When choosing a partner to have children with, it is only natural to desire “Prince Charming” or “Cinderella,” who may pass on their beneficial genetic qualities to future kids. Given that better genes increase the offspring's survival and reproduction chances, mechanisms that detect “genetic quality” should have evolved to lead people to be sexually attracted to “knights in shining genes.”

One such cue for mate suitability is odor, which signals compatibility between potential mates' immune systems. Specifically, odor indicates the extent of overlapping between potential mates' immune systems, such that more attractive odor signals less overlap between mates' immune systems. The larger the dissimilarity between mates' immune systems, the more threats the immune system can combat.

Art Gallery ErgsArt/Flickr
"Mother and Child" by Egon Schiele
Source: Art Gallery ErgsArt/Flickr

Offspring would thus benefit the most from having parents with dissimilar immune systems, which results in an enhanced immune system. Accordingly, women have evolved to be sexually attracted to men with a dissimilar immune system, primarily during high-fertility cycle phases. Using the “sweaty T-shirts paradigm”, in which female participants sniff T-shirts recently worn by males, studies have demonstrated that women indeed tend to prefer the scent of partners with dissimilar immune system over that of partners with similar immune system1.

Unfortunately, contraceptive pill use interferes with mate selection and reverses the natural preference for mates with dissimilar immune system, such that women prefer the odor of partners with similar immune system over that of partners with dissimilar immune system while on contraceptive pills2. This shift in preferences corresponds to the one occurring across the menstrual cycle. In particular, naturally cycling women experience male preference shift throughout their menstrual cycle that helps them obtain resources relevant to their current fertility status (fertile versus infertile). During the fertile phase of the menstrual cycle, women seek genetic benefits for their offspring and are thus more attracted to men whose features indicate such benefits (e.g., masculine faces, bodies, and voice). In contrast, during the infertile phase of the cycle, women seek cues of high investment in parenting and partnership, which are typically associated with fewer masculine features3.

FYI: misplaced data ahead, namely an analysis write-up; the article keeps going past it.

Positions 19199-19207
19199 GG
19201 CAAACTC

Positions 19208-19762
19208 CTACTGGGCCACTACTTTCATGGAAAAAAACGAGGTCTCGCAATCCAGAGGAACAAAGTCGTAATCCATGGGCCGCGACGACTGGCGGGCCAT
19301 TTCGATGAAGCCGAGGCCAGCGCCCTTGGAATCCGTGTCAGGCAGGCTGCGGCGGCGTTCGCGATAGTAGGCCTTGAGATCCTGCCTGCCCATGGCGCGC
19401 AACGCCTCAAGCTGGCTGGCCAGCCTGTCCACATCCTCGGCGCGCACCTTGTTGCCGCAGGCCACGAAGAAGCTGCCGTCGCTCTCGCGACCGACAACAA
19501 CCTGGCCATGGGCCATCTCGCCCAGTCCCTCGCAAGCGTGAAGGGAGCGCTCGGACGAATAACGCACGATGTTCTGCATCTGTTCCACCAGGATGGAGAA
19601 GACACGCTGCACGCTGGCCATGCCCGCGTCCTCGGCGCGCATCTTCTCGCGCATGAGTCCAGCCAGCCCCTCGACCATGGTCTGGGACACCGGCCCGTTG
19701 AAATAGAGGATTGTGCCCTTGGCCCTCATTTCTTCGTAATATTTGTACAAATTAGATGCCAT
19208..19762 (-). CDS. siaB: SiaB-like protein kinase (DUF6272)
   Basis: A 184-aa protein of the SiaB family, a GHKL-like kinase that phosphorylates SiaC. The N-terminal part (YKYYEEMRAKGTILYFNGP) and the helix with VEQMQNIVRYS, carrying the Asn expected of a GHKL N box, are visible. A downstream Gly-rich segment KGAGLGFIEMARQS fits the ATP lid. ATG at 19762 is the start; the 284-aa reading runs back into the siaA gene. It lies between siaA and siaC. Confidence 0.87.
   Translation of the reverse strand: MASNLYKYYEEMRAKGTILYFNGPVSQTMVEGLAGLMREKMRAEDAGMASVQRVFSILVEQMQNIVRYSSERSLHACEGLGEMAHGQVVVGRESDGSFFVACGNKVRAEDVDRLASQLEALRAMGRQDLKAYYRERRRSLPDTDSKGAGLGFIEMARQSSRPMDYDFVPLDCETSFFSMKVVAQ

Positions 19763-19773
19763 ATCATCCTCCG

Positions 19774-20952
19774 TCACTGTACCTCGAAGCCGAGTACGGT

Women tend to prefer immune system similarity during the infertile phase for similar reasons: Its association with the smell of genetic relatives who may assist them during pregnancy. Because contraceptive pills introduce hormones that prevent ovulation and lead to temporary loss of fertility, women’s natural preference fixates on similarity as in natural infertile phases of the cycle. In particular, normally cycling women (women who are not using contraceptive agents) tend to rate men with dissimilar immune system as more physically attractive, whereas women using contraceptive pills tend to rate men with similar immune system as more physically attractive2.